Off Campus

Students are encouraged to explore opportunities to do research off campus, especially during the summer months. Every year, we post opportunities for summer research, but student should also pursue this on their own and search for research projects that interest them.  Look for opportunities on the bulletin board by the labs!

Another great resource for summer research opportunities can be found at The Nucleus, an online resource for undergraduate in Physics & Astronomy.

Student research done in the past:

brynn presler marshall photoBrynn Presler-Marshall (Astrophysics ‘19) - was an REU student at the Arecibo Observatory in Puerto Rico. She worked with the Planetary Radar group to study the surface features of a collection of near-Earth asteroids, and will be presenting her work at the DPS meeting in October

 

 

 

 

 

 


Emma Shaw photoEmma Shaw (Physics '20) - spent this summer at Coe College in Cedar Rapids, IA studying musical acoustics with Dr. James Cottingham. Her research  focused on air flow in Helmholtz resonators and free reed instruments. She says, “We specifically looked at how air flow affected higher modes of frequency and oscillation patterns using FFT analysis”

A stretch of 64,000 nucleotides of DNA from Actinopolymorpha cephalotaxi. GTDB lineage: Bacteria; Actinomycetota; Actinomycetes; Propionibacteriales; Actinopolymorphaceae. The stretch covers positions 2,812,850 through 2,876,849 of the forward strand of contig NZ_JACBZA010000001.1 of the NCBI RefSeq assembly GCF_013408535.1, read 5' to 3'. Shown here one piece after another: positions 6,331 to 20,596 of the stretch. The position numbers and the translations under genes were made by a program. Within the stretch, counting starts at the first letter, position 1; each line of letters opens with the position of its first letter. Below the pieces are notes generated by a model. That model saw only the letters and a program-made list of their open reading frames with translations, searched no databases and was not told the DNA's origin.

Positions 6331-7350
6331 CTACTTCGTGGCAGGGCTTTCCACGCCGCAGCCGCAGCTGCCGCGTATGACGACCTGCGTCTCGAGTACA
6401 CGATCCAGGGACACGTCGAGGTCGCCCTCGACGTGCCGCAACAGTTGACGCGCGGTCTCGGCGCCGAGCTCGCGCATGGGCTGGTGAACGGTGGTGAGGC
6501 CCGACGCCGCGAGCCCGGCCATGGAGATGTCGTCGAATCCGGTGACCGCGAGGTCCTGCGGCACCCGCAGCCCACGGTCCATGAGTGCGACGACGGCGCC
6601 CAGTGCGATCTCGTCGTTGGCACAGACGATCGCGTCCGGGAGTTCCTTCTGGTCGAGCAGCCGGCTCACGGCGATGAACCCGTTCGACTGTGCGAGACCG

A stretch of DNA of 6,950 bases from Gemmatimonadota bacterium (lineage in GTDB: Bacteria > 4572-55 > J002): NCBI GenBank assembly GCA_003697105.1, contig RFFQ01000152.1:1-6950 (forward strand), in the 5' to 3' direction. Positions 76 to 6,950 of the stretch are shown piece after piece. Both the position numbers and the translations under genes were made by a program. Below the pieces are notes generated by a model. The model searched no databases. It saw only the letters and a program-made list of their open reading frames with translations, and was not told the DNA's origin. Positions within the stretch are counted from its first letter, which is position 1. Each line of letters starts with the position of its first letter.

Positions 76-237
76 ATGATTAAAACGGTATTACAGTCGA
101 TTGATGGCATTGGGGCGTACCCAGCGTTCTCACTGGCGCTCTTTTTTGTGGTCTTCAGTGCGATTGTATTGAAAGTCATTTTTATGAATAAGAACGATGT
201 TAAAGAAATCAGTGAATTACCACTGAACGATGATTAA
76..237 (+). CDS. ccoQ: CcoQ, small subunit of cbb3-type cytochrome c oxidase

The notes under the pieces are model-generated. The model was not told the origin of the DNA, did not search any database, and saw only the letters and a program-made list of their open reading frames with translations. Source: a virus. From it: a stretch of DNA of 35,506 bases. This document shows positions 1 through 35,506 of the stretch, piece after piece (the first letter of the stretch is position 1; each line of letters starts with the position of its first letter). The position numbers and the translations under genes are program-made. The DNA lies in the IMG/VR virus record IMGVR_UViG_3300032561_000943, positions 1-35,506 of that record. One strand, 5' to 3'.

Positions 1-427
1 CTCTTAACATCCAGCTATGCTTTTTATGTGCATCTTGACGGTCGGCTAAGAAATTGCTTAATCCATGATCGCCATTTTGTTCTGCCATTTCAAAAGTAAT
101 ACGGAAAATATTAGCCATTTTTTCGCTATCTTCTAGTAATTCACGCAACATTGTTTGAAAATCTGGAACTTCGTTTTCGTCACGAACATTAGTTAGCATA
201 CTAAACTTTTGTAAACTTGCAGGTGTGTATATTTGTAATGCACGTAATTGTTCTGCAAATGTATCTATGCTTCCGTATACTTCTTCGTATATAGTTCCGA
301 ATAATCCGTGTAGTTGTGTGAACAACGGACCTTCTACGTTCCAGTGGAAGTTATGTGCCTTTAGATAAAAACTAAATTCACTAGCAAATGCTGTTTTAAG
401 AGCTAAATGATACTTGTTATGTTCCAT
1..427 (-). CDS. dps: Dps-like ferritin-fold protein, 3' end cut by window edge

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 Kimberly Patterson (Astrophysics ‘20) - spent this summer participating in  an REU at the College of Wooster in Ohio studying the trajectories of movement on a theoretical cuboid shaped planet. When she wasn’t busy in the lab, she also gave a short physics demonstration on polarization for the camp BWISER, which aims to keep young girls interested in science and physics.

 

 

 

 

 

 

 

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Ruoyi Wang (Physics ‘20) - worked with Dr. Koch on a math conjecture about central binomial coefficient and its small prime divisor.  Later they branched off into looking at the base-3 expansion of 2k where k is an integer. They came up with a graph that was able to predict some the ternary expansion of some 2k without calculating it but not enough to solve the conjecture.  

                        

 

 

 

 

 

Abigail Harden photo

 Abigail Harden (Astrophysics and Mathematics ‘21) - participated in a heliophysics REU cohosted by the University of Alabama in Huntsville (UAH) and NASA’s Marshall Space Flight Center (MSFC). She worked with several MSFC scientists on a project titled ‘The Cause of Faint Coronal Jets from Emerging-Flux Regions in Coronal Holes’.  She will be presenting this work at the fall meeting of the American Geophysical Union (AGU) in December.